3) What about the bird flu that showed up in various parts of the world in 2006 and 2007? Was it the same as Asian flue or was it a slightly different strain of the virus? Does the virus keep changing?
2) @Steamland, as far as we know there are two reasons for this. One is just probability. Asia contains a huge portion of the world's population and is a massive part of the geographic world. People sometimes refer to Asia like it's a single country but about a third of the world is classified as Asia. Add in more than half the world's population and it makes sense than many of the worlds diseases would originate there. Also to blame is the developing nature of many regions within Asia. Not only do billions of people live relatively close together, some live close together in poor hygienic conditions with little access to proper sanitation and clean water. Compound this with the fact that a portion of these people live in close contact with farm animals. Farm animals, like ducks, chickens and pigs are usually the original hosts from which many new diseases mutate and make the jump to humans. Not only that but often these farm animals live in close proximity with each other which can promote mutation conditions in certain viruses and bacteria.
1) Why do all of these horrible pandemic diseases seem to come from Asia? Why don't they originate in places like America?
BALTIMORE (WJZ) — Flu epidemic. The CDC released new numbers Monday showing the flu is widespread in most of the country, including here in Maryland—and doctors say this strain can be more dangerous.
Meghan McCorkell has more on how local hospitals are handling a surge of cases.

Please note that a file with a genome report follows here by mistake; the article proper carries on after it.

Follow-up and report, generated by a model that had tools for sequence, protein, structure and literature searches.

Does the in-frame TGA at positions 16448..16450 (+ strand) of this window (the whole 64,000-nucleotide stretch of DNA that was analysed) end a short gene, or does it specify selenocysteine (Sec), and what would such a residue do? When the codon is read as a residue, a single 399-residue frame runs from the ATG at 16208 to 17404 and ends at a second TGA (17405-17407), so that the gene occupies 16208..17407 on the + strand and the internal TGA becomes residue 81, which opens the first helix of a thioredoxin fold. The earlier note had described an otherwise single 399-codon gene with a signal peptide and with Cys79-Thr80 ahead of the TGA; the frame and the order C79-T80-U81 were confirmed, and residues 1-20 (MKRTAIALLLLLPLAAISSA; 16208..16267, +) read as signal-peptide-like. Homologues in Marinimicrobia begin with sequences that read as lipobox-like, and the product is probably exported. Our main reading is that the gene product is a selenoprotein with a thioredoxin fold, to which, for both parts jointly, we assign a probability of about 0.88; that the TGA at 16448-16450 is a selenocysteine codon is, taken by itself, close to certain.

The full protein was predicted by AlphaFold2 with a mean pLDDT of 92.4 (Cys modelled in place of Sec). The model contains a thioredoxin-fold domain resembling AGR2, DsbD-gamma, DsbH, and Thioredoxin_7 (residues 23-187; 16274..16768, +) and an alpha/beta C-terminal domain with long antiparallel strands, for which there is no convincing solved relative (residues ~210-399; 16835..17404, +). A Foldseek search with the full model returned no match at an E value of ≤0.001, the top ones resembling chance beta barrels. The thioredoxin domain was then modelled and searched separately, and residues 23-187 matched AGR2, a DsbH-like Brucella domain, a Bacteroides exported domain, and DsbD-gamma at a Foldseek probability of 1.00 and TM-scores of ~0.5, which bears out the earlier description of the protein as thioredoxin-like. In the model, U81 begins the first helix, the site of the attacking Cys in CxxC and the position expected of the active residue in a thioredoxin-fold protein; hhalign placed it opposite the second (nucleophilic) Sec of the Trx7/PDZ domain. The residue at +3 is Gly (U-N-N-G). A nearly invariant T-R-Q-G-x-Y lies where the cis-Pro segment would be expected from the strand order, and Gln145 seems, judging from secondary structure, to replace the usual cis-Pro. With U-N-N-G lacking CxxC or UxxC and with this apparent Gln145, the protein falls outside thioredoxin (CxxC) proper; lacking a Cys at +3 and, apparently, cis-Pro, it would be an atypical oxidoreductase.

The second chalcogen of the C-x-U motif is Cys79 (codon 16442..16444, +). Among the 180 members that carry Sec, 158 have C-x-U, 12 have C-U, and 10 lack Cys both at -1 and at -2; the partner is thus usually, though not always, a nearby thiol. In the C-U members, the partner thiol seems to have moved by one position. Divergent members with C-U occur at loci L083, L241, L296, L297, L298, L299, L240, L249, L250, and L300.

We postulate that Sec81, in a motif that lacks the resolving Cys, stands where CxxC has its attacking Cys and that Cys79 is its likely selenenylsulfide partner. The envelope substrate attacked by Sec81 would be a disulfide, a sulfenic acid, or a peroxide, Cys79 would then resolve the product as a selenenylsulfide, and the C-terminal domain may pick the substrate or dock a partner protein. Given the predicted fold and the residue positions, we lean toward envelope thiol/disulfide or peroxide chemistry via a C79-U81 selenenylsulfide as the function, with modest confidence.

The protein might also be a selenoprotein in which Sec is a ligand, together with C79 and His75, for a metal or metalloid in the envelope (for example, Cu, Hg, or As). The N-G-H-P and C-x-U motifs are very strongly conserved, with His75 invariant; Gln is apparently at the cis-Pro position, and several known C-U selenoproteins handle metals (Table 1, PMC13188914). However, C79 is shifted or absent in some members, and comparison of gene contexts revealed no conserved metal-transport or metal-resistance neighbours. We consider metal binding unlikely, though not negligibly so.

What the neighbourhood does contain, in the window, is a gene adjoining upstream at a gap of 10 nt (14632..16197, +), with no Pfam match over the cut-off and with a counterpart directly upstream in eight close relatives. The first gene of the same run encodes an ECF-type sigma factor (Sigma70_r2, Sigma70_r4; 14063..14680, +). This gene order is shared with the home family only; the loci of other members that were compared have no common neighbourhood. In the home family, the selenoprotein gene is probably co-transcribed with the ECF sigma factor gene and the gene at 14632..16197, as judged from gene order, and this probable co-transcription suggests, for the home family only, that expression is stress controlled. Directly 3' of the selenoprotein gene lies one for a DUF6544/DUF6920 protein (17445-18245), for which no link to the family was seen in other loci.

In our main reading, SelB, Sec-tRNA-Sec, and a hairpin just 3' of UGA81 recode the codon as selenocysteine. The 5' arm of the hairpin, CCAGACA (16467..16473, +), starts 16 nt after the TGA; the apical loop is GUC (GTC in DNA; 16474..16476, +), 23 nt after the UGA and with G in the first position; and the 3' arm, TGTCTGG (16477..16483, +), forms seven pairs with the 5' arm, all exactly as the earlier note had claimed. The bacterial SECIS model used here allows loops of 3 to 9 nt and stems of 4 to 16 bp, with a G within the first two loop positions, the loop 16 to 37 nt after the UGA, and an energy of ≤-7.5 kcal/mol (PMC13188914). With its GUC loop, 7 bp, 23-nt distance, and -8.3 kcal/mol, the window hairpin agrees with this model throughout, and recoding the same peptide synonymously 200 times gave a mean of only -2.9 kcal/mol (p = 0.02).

Hospitals in Maryland say they have been slammed with flu patients since Christmas.
The flu turned deadly in the United States with 21 children dying this season. One of the latest was seven-year-old Ruby Hanson, whose parents say she may have survived if it weren’t for a pre-existing condition.
“She had a seizure that was caused by the flu,” said Debra Hanson, her mother.
The CDC now reports 43 states, including Maryland, are experiencing high or widespread flu activity. Much of that is the H3N2 strain of Influenza A.
“We do know that in years where this virus circulates, or this type of virus circulates, we do get more deaths on average than the usual year,” said Dr. Joseph Cresee, Centers for Disease Control.
Emergency rooms across the state are now reporting thousands of patients coming in with flu-like symptoms every week.
“This is one of the busier flu years,” said Dr. Lisa Kirkland, Sinai Hospital.
Dr. Kirkland says some of the patients she is seeing thought they were protected because they got a flu shot.
“This year, the flu strain mutated a little bit and there is one component of the flu strain that is causing the flu in people who actually did get the shot,” she said.
Several local hospitals are now limiting visitors to try and stop the spread of the flu. At the University of Maryland Medical Center, no visitors under the age of 18 will be allowed in the hospital, only two adult visitors can see a patient at one time and visitors experiencing flu symptoms are not permitted.
Flu season normally lasts through February and March.
Serious Condition: H1N1 Inflenza came unexpectedly and the usual vaccine was not effective and it caused people to get sick with this virus and some succumb to it by getting hospitalized and some died. Later on H1N1 Vaccine was incorporated and given to prevent an epidemic. Read more
Time to see a doctor: 10 days is too long for a common cold. You might have a more serious condition such as pneumonia.. Read more
Needs confirmation: There are a number of other infections beside influenza producing flu-like symptoms. Tamiflu, (oseltamivir) most often prescribed antiviral medine, should also be given within 48 hours from the onset of illness to be beneficial.. Read more